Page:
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Conyers Resigning Amid Sexual Harassment Allegations

Updated at 11:15 a.m. ET

Rep. John Conyers, D-Mich., said he will step down from Congress as of Tuesday, amid allegations of sexual misconduct leveled by multiple women.

Conyers told a Detroit radio show this morning that "I am retiring today," though he is effectively resigning. He also said in an interview on The Mildred Gaddis Show that he wants his son, John Conyers III to succeed him in Congress. "My legacy will continue through my children," Conyers said.

Michigan law says it's up to the governor to call a special election to fill the seat.

Earlier, Conyers' grand nephew, Michigan State Senator Ian Conyers, told the New York Times that he planned to run for the elder Conyers' seat.

John Conyers spoke from an undisclosed hospital, according to his attorney, where he is being treated for stress related health concerns.

Several women have accused the Michigan Democrat, who is the most senior member of Congress, of verbal abuse, inappropriate touching and groping over decades.

Conyers, 88, has denied the allegations, saying today that "they are not accurate, they are not true," but amid an inquiry by the House Ethics Committee following revelations of a settlement two years ago for wrongful dismissal of a female former employee, Conyers is stepping down. The Ethics Committee does not investigate former members, so that inquiry would likely come to an end.

A woman who received a $27,000 confidential settlement, Marion Brown, described to NBC's Today last week her accusations against Conyers. "Violating my body, propositioning me, inviting me to hotels with the guise of discussing business, and then propositioning for sex," Brown said. "He just violated my body. He has touched me in different ways, and it was very uncomfortable and very unprofessional."

Brown said she came forward because she wants "to be a voice," and so that her granddaughter would "not have to endure sexism and gender inequality. I thought it was worth the risk to stand up for all the women in the workforce that are voiceless."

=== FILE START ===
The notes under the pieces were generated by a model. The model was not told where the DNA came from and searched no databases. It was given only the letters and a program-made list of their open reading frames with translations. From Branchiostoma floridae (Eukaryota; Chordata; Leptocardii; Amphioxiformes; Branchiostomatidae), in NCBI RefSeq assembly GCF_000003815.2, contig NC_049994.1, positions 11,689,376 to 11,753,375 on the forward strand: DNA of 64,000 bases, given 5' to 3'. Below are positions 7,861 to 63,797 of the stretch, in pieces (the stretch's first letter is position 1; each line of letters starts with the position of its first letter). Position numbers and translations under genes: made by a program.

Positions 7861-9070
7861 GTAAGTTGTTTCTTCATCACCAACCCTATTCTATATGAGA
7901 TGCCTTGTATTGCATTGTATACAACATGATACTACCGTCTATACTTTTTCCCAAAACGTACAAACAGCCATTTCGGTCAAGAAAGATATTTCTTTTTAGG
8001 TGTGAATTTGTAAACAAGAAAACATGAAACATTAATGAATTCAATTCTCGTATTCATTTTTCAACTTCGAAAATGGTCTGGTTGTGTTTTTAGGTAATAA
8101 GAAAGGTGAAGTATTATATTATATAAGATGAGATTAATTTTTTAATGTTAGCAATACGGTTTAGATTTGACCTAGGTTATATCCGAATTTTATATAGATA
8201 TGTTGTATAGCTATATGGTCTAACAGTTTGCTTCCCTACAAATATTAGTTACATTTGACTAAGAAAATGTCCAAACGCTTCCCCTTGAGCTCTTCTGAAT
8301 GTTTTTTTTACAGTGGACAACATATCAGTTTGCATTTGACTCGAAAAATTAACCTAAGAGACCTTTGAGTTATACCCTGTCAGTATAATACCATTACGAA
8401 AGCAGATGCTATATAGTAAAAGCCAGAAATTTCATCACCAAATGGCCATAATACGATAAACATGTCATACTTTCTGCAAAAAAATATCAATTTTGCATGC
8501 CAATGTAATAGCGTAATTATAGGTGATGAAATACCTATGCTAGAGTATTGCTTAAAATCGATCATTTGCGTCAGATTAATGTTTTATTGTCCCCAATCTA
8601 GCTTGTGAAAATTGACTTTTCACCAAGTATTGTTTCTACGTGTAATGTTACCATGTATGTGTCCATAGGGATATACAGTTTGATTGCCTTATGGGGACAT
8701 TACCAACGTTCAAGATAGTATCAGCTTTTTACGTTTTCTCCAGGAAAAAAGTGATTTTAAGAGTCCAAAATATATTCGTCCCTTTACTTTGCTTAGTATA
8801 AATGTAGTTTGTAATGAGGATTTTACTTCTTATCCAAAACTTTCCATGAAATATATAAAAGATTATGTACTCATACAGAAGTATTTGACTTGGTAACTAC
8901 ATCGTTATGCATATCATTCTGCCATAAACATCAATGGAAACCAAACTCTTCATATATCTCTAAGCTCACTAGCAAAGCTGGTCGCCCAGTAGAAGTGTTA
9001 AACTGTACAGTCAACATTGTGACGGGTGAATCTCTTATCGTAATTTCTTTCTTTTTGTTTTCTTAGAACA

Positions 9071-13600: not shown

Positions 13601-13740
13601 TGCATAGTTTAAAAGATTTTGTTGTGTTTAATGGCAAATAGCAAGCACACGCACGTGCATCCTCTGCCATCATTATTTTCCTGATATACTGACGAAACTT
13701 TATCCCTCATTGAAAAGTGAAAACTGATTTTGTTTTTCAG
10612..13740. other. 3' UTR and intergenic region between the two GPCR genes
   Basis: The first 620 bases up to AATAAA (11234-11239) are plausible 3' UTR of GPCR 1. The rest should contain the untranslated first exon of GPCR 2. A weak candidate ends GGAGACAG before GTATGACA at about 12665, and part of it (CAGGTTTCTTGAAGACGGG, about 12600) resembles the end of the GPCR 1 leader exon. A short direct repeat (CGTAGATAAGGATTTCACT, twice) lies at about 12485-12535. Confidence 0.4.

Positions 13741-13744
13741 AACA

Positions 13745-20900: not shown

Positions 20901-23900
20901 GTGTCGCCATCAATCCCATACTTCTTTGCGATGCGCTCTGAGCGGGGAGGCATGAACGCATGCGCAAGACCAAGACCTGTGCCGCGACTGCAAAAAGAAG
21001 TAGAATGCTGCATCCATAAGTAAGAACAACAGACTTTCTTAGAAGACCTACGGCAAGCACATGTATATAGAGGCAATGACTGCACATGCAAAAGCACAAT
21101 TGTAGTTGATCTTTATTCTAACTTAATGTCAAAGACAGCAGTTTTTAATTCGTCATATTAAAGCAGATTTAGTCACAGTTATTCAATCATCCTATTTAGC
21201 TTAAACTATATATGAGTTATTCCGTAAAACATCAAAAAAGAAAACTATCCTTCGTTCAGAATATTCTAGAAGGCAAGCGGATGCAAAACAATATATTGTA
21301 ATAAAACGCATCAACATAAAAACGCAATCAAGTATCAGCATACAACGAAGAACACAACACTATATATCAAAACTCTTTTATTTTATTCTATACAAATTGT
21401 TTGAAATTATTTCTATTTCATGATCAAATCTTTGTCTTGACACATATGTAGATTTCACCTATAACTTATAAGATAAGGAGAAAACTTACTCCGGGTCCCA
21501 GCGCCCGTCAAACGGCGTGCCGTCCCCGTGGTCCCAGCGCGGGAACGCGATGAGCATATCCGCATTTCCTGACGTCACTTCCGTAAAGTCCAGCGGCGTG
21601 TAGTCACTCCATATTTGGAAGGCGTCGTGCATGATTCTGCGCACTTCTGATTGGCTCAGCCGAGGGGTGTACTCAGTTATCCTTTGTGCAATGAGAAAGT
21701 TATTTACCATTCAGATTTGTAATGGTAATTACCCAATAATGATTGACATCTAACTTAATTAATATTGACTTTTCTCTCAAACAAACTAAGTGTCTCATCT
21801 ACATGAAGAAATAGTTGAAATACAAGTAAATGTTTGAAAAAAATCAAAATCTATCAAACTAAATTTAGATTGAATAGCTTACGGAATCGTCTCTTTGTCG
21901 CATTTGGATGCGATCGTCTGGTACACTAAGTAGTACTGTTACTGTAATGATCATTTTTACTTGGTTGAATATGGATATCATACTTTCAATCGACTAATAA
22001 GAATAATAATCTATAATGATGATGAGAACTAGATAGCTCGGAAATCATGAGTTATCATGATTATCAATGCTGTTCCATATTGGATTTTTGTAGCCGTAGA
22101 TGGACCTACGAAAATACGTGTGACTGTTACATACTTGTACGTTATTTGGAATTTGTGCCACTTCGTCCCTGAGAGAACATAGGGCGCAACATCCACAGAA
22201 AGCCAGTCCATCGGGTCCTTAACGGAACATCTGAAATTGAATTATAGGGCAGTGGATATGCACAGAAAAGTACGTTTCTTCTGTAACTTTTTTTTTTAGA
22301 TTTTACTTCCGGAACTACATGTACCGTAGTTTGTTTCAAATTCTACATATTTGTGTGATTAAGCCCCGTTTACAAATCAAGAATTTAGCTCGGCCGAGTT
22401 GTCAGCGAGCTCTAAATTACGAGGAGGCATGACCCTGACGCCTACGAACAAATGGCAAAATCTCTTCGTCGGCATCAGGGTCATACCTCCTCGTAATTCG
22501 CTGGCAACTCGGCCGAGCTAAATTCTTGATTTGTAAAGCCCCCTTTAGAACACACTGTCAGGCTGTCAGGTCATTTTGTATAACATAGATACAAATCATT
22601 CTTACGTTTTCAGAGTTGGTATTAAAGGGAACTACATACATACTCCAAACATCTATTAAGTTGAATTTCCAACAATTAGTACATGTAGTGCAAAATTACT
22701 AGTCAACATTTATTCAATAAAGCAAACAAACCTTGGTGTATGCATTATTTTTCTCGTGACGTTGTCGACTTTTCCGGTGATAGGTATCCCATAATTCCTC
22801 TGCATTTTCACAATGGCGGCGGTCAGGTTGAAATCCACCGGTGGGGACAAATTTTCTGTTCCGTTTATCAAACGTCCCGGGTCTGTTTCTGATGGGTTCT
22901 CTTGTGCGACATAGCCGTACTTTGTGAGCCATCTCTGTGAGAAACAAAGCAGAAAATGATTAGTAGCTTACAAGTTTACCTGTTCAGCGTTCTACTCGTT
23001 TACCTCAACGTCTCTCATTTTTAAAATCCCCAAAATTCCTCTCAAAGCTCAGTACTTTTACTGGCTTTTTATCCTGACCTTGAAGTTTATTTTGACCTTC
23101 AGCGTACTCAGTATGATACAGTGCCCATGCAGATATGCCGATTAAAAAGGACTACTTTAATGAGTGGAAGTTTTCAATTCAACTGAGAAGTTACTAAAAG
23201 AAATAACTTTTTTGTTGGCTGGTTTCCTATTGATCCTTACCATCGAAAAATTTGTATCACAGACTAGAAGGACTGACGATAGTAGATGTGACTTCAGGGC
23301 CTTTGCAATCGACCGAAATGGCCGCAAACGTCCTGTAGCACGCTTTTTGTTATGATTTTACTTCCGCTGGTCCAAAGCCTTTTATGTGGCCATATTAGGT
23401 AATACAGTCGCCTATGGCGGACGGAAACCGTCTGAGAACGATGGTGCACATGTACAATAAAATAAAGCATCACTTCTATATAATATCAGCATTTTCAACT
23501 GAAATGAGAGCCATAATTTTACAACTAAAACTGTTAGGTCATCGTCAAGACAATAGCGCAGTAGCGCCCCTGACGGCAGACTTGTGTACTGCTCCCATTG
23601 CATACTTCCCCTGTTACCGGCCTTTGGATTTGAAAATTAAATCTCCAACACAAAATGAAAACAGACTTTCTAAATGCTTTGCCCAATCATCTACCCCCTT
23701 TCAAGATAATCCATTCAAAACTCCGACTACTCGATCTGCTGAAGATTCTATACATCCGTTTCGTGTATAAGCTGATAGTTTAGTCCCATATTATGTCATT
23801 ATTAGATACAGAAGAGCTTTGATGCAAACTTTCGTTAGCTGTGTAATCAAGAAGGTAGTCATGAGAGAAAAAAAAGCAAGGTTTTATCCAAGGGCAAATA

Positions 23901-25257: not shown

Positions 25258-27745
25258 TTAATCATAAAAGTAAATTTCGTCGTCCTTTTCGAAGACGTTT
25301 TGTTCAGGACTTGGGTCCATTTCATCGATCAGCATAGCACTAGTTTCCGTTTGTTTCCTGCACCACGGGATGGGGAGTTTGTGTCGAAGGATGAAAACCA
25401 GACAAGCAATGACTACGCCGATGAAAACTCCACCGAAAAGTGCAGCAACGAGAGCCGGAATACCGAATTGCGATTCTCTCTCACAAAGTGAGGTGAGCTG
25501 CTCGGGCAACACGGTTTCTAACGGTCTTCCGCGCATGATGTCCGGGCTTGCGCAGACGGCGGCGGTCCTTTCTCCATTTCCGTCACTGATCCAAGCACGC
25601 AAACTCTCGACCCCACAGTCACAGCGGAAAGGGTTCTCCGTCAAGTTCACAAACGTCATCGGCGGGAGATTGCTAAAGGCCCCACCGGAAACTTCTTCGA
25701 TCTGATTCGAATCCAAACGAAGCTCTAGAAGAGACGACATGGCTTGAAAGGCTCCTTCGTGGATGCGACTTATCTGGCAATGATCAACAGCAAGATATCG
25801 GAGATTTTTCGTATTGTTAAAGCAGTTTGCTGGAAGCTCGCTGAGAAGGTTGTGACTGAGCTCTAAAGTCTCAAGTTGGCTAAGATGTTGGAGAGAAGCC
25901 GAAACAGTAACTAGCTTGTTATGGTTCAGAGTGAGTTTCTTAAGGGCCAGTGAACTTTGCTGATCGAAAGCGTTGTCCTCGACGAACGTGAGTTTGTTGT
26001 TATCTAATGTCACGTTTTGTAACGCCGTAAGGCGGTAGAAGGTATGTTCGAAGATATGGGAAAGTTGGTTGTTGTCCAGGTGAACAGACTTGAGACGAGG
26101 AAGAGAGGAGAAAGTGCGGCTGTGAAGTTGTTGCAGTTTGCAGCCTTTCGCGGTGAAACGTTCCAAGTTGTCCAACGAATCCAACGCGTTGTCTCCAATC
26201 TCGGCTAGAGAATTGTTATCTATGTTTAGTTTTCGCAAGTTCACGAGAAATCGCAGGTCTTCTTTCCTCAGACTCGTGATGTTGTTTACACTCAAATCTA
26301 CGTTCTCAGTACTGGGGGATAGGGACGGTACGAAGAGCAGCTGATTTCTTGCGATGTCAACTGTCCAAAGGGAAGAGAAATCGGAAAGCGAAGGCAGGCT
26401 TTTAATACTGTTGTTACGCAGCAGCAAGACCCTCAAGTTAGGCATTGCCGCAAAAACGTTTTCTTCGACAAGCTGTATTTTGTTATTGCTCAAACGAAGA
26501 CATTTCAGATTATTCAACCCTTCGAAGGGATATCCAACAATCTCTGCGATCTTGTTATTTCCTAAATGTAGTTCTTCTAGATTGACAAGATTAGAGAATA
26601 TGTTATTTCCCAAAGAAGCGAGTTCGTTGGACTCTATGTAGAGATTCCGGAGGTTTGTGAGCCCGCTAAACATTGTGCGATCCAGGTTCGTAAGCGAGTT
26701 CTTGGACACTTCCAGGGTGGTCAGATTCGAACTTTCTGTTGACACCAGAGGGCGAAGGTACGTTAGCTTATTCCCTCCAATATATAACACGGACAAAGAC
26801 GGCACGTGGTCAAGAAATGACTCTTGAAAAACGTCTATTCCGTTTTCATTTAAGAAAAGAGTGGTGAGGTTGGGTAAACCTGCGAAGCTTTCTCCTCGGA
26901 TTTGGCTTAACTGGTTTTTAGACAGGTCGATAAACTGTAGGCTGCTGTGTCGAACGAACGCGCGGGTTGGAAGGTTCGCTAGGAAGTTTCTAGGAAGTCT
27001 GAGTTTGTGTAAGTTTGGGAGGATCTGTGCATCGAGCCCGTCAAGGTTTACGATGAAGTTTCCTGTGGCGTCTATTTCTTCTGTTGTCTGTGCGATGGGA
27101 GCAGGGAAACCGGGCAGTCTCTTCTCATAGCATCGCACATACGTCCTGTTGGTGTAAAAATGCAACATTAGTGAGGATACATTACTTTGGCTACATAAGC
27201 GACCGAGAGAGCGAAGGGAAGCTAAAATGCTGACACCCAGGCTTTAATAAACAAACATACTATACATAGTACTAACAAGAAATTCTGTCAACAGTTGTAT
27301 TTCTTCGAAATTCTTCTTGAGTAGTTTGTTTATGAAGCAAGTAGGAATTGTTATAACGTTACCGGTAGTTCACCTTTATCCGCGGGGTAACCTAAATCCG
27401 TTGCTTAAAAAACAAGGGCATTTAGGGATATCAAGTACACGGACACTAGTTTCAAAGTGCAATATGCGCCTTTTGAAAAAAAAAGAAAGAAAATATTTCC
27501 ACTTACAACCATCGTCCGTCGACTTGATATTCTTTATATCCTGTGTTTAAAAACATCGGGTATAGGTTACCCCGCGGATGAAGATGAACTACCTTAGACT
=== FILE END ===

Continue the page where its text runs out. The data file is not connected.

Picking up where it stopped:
House Minority Leader Nancy Pelosi, D-Calif., had called for Conyers' resignation following Brown's TV appearance, after previously defending him by calling him an "icon."

The same day as Pelosi's remarks, House Speaker Paul Ryan, R-Wis., also said Conyers should resign. Rep. James Clyburn, D-S.C., one of Pelosi's top deputies in House Democratic leadership and the highest-ranking African-American in Congress, had also told Conyers he should resign, Politico reported.

Conyers stepped down as ranking member of the House Judiciary Committee on Nov. 26. He was the first African-American member of that committee.

Giving up his spot on the committee was a move that a senior Democratic aide said Pelosi helped orchestrate. The minority leader had spent a few days prior to Nov. 26 working with Conyers and other Congressional Black Caucus members on how to "lay groundwork for him to step aside gracefully," the aide told NPR's Scott Detrow.

On Nov. 27, Pelosi said she had spoken to another woman, Melanie Sloan, a founder of Citizens for Responsibility and Ethics in Washington, who had worked for Conyers and also came forward. She told the Washington Post of alleged mistreatment and verbal abuse, though Sloan said she did not believe she was sexually harassed by Conyers.

Conyers' potential resignation was raised in a statement by Congressional Black Caucus Chairman Cedric Richmond, D-La. Richmond said he had met with Conyers Nov. 28 and had a "very candid conversation about the seriousness of the allegations against him, which he vehemently denies."

He added, "Any decision to resign from office before the ethics investigation is complete is John's decision to make."

Conyers missed two roll call votes in the House on the evening of Nov. 28, and he was photographed that night on a flight from Washington, D.C., back to Detroit.

Conyers was first elected in 1964 and is a founding member of the CBC. He had previously served on the staff of former Rep. John Dingell, D-Mich. Conyers' congressional career, which spanned more than 50 years, included voting for articles of impeachment against President Richard Nixon. He sponsored the bill to declare Martin Luther King, Jr.'s birthday a national holiday, as well as the Alcohol Warning Label, National Voter Registration and Hate Crime Statistics acts.

He also hired civil rights heroine Rosa Parks to serve on his congressional staff in his Detroit office. Parks worked for Conyers for more than 30 years.

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